England and Saracen’s front-rower Mako Vunipola has taken a tongue-in-cheek swipe at moaning backs. The prop is preparing to play in this Saturday’s Gallagher Premiership final at Twickenham, a match where he is expected to start with Leicester’s Dan Cole as his direct opponent in the scrum.
The final appearance comes after Saracens initially received quite an examination from the Harlequins set-piece in last Saturday’s semi-final and the toll that winning that match took on Vunipola was still being felt in midweek.
Asked what were the lingering aches and pains as he gets through his Saracens training schedule at Saracens to ensure he is ready to take on the Tigers, Vunipola explained: “The usual, the neck always. Shoulders, back. It actually makes me laugh when I hear some of these backs say that they have got a sore back. I’d love to let them feel the same thing we have sometimes. Just the usual, neck, back, shoulders.
“We reviewed what happened at the weekend, looked at what things we can improve and we have got the right people around us here and the players understand we need to start better. Eventually, in that game, the scrum gave us that platform that we needed to see the game out. We have just got to start better now. Credit to Quins, they are a good side well drilled by Adam Jones. We understand it [the scrum] is going to be another key battle this weekend.”
It sure will. Aside from Vunipola packing down against his former England colleague Dan Cole, on the other side of the scrum you will have Leicester skipper Ellis Genge, a rival of Vunipola’s for England loosehead selection, going at it against Vincent Koch, the Springboks World Cup-winning tighthead who is playing his last match for Saracens before moving to Wasps.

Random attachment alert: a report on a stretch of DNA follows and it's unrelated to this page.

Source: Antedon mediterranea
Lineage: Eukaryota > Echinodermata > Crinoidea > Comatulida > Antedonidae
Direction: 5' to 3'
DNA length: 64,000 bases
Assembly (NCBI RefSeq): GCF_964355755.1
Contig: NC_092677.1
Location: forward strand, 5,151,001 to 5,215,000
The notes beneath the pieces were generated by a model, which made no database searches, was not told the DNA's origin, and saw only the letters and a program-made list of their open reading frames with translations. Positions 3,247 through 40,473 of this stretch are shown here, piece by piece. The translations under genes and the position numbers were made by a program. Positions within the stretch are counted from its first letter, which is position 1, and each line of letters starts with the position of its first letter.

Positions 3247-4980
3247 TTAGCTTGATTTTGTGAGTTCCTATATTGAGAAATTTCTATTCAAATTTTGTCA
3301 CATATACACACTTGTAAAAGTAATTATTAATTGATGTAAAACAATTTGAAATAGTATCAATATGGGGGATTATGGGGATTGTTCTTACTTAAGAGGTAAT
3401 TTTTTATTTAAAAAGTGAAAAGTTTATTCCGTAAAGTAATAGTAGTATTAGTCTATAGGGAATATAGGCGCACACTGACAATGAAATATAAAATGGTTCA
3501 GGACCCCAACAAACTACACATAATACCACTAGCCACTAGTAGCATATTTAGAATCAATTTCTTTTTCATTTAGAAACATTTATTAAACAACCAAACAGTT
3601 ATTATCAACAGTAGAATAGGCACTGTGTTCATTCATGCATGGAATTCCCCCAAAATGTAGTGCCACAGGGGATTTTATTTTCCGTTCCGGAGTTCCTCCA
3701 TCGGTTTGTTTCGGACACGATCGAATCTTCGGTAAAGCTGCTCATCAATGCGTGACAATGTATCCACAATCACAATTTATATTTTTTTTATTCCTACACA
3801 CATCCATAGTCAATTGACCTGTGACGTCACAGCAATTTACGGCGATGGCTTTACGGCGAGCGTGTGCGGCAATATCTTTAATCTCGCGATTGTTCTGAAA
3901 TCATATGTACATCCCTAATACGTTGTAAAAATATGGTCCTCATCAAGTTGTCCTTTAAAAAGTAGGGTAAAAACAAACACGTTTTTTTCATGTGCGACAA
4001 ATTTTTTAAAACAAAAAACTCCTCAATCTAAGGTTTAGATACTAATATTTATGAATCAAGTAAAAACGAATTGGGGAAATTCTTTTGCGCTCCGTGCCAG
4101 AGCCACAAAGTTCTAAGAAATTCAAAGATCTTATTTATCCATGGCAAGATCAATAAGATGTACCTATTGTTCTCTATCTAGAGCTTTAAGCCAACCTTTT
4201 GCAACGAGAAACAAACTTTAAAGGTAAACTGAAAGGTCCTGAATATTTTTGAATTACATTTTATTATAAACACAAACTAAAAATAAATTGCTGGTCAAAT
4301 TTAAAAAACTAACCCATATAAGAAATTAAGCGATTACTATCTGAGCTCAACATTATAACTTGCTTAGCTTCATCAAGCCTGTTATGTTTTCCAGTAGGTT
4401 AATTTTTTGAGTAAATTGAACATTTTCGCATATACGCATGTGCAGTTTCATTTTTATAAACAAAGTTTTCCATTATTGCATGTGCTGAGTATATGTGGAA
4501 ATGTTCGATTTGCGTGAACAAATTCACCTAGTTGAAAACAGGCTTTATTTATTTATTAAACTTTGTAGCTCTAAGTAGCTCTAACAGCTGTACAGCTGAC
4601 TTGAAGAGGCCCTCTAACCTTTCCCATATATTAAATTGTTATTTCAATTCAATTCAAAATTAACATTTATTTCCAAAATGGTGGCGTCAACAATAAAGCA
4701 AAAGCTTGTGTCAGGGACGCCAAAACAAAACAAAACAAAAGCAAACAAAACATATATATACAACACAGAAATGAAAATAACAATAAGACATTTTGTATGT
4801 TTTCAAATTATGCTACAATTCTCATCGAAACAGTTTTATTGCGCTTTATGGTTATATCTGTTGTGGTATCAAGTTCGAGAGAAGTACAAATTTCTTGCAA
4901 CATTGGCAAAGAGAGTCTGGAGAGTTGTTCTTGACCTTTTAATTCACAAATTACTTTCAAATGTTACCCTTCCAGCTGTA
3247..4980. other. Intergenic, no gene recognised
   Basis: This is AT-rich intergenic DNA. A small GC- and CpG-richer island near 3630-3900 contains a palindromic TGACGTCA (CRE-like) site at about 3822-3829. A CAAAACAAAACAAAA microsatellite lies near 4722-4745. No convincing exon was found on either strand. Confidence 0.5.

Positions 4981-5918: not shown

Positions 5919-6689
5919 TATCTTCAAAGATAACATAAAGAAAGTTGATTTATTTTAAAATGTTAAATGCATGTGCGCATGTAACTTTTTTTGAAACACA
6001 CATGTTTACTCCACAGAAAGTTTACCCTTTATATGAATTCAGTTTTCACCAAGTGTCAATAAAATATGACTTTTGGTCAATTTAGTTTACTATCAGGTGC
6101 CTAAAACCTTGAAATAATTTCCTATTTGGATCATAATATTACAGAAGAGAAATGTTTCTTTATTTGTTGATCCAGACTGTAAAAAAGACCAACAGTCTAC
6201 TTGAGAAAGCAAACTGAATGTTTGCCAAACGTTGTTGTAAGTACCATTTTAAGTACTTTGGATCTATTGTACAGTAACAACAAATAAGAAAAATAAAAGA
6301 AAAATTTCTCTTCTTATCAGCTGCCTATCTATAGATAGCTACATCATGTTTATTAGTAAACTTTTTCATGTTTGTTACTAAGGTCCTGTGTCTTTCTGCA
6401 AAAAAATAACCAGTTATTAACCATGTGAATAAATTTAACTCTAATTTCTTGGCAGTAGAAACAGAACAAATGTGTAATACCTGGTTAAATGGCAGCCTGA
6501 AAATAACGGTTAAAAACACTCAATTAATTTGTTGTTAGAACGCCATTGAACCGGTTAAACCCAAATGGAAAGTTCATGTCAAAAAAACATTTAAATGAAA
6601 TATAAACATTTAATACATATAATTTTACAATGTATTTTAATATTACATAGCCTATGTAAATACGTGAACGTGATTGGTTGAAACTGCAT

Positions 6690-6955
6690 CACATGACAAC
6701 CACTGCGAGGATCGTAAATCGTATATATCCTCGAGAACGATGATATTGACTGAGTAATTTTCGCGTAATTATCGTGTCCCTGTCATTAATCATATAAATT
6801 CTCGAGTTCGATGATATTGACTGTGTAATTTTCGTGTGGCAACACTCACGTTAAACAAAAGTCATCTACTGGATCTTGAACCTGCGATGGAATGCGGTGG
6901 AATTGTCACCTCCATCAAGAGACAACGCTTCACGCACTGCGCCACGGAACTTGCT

They don’t make props like they used to and the demands now made of them are also very different. “The days of a front-rower being a one-dimensional set-piece player are gone and we are playing against two of the best on the weekend in Ellis for obvious reasons, the way he not just works but the impact he has for them , and Dan as well, it goes under the radar how good a defender he is,” continued Vunipola.
“When Vinny first came he was alright, he was already quite fit. We were different in that way to get fit quite quickly. Now props are expected to do everything in terms of set-piece but then getting around the park, being a good defender for your team but also when you get the opportunity you need to make an impact in attack.”
Can Vunipola still tell a player is a prop just by looking at them given their increased fitness and more defined shape? “Probably not as much these days. The ears give it away a little bit but a lot of these young boys coming out now are a bit more like back rowers.
“If you saw me you’d say this guy is definitely a front-rower but if you saw Ellis or Vinny… Dan, you could probably tell (he is a prop) because of the way his head moves, there is not much movement there… But Ellis, you look at him and you wouldn’t think he is a prop, or Vinny as well. That is where the similarities end.
“Ellis and Dan are two people I know quite well, I played with them with England and Vincent has been a stalwart for us. It is going to be an interesting battle. The similarity is that we are all good people. There are not many front-rowers who aren’t good lads.
“There is a front row unit for a reason because of all the pain you have to go through, we understand it and there is a shared respect but I am sure come Saturday we will be out there trying to do our best for our team. ”
Becoming champions again would mean a lot for Saracens following their season last year outside the top flight as punishment for repeated salary cap breaches. “The club has been through a lot and it has been well documented what has happened in that two years but that is the past now and this weekend is different.
“The emotions are there and for us as a team we have just got to play the game in front of us and don’t think too much, whatever will happen will happen.”
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